Top Chef renewed, finale expanded, reunion added

Bravo has found another hit in Top Chef, the Project Runway-like show with a host more robotic than Julie Chen on the days before the Chenbot gets serviced. Thus, Bravo has renewed the competition for a second season, and is expanding the first season, much as they did with Runway.

Casting for the second season starts May 11 in Las Vegas. Meanwhile, a reunion will air next Wednesday, May 10, while the finale “will be extended to two hours, airing over two weeks on Wednesday, May 17 at 10:00 p.m. ET/PT, when the field will be cut from three to two candidates, and concluding with the winner being announced on Wednesday, May 24 at 10:00 p.m. ET/PT,” according to a Bravo press release.

With the news that Runway‘s third season will debut this summer, not next spring, that raises a few questions: Will Bravo alternate the two series, airing Project Runway in the summer and Top Chef in the winter? Or will we get two doses of Tim Gunn ever year, with some chef action in between? At the very least, all this news pretty much assures Bravo is the top network when it comes to competitive reality series.

Bravo Renews Hit Competition Series For a Second Season… [Bravo press release]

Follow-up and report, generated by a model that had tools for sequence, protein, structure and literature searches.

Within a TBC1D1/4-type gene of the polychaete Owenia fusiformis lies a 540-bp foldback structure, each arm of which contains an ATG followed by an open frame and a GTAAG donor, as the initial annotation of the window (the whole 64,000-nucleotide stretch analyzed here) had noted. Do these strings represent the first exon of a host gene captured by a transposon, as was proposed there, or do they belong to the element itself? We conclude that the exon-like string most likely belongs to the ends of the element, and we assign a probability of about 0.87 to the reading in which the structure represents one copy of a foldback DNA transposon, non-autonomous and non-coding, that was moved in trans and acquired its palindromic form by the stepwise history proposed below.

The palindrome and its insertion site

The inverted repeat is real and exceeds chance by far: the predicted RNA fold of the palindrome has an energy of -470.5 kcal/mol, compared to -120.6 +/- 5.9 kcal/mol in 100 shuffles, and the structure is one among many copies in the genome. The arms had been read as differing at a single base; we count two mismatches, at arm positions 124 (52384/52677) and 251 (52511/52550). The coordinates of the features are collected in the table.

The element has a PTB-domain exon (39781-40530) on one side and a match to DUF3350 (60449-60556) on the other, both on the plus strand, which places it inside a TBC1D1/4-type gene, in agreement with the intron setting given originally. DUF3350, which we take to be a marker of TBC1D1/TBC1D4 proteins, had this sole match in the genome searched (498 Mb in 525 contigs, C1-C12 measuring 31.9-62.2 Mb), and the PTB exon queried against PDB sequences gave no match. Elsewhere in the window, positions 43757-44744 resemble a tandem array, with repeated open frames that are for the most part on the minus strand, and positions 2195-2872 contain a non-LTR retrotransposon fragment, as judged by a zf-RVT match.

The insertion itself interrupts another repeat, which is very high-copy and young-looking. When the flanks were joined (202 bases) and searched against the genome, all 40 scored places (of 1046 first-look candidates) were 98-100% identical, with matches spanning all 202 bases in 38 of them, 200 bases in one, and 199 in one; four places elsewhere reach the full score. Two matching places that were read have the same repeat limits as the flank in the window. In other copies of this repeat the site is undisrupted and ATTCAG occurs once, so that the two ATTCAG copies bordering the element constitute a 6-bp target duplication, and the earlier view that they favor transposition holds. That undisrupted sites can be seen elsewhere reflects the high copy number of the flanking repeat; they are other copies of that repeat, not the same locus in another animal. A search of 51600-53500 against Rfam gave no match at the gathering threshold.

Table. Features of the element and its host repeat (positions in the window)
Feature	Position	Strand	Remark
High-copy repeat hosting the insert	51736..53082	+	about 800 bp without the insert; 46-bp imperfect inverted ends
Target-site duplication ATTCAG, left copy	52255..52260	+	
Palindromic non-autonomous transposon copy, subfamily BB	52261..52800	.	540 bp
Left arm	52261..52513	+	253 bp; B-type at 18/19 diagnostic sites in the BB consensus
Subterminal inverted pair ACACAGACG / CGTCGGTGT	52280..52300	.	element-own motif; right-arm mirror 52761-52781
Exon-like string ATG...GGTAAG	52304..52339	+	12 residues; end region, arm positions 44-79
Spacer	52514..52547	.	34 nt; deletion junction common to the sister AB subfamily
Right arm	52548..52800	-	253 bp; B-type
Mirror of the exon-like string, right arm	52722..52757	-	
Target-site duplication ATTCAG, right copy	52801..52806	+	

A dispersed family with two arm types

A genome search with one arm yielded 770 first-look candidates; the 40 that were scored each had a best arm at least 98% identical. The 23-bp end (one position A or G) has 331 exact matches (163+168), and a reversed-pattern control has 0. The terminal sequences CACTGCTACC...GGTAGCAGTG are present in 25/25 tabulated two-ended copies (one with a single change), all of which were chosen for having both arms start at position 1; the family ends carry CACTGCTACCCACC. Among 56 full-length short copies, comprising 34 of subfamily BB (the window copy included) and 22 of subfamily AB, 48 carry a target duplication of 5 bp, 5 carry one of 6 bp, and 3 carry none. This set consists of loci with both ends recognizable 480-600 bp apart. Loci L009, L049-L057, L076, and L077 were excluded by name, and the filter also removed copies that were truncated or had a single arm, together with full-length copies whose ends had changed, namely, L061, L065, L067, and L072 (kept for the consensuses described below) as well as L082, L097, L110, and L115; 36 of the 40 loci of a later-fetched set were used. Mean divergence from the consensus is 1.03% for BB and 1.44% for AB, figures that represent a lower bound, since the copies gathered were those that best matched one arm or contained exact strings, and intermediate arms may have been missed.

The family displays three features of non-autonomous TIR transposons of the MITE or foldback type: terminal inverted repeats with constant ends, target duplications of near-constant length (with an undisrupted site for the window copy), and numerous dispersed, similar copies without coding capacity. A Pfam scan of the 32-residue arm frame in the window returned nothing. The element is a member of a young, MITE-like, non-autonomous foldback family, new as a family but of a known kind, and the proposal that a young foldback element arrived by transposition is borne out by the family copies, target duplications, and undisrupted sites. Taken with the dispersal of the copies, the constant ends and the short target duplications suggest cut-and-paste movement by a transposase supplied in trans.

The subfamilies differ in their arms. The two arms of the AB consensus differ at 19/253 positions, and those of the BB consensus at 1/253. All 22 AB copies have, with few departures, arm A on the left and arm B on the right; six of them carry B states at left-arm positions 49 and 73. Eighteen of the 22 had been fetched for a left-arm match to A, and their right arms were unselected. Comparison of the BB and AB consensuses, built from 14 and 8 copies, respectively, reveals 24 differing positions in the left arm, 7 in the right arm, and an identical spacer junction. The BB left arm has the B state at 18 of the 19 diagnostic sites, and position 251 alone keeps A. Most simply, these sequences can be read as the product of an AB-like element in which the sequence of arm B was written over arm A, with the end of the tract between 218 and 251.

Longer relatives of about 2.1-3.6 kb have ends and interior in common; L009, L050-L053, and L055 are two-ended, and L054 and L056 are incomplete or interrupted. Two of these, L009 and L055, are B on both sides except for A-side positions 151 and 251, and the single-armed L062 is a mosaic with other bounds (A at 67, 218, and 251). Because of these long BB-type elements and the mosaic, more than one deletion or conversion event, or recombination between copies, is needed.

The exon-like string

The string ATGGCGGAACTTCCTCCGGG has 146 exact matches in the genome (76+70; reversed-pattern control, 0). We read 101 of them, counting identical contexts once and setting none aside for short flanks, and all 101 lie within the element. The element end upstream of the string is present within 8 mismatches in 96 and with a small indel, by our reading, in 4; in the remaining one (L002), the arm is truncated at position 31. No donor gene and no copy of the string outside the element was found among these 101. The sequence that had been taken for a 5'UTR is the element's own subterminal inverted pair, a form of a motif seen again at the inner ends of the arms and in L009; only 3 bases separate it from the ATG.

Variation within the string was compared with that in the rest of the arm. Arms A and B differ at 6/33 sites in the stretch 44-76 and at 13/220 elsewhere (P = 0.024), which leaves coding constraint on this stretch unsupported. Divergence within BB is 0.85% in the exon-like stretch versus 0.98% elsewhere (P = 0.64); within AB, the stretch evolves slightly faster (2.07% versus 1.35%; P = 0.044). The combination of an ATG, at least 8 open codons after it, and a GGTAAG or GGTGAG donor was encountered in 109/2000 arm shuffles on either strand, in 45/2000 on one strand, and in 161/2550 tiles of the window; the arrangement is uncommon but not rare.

The Sing-Off loses its star

Ben Folds

NBC's super-fun December a capella singing competition The Sing-Off is returning, but without its star judge, Ben Folds, and only as a two-hour special. Those are really depressing changes for a series that proved itself to be a super-fun show when it returned last December.

A film director talks about becoming a reality TV character

Anna Martemucci

What is it like to have your life turned into reality TV? Director Anna Martemucci, one of the two directors featured on Starz' exceptional reality series, talks about that, the competition, and her collaboration with her husband and brother-in-law.

Plus: How the show's producers tried to keep the $250,000 competition fair.

about the writer

Andy Dehnart is a journalist who has covered reality television for more than 15 years and created reality blurred in 2000. A member of the Television Critics Association, his writing and criticism about television, culture, and media has appeared on NPR and in Playboy, Buzzfeed, and many other publications. Andy, 36, also directs the journalism program at Stetson University in Florida, where he teaches creative nonfiction and journalism. He has an M.F.A. in nonfiction writing and literature from Bennington College. More about reality blurred and Andy.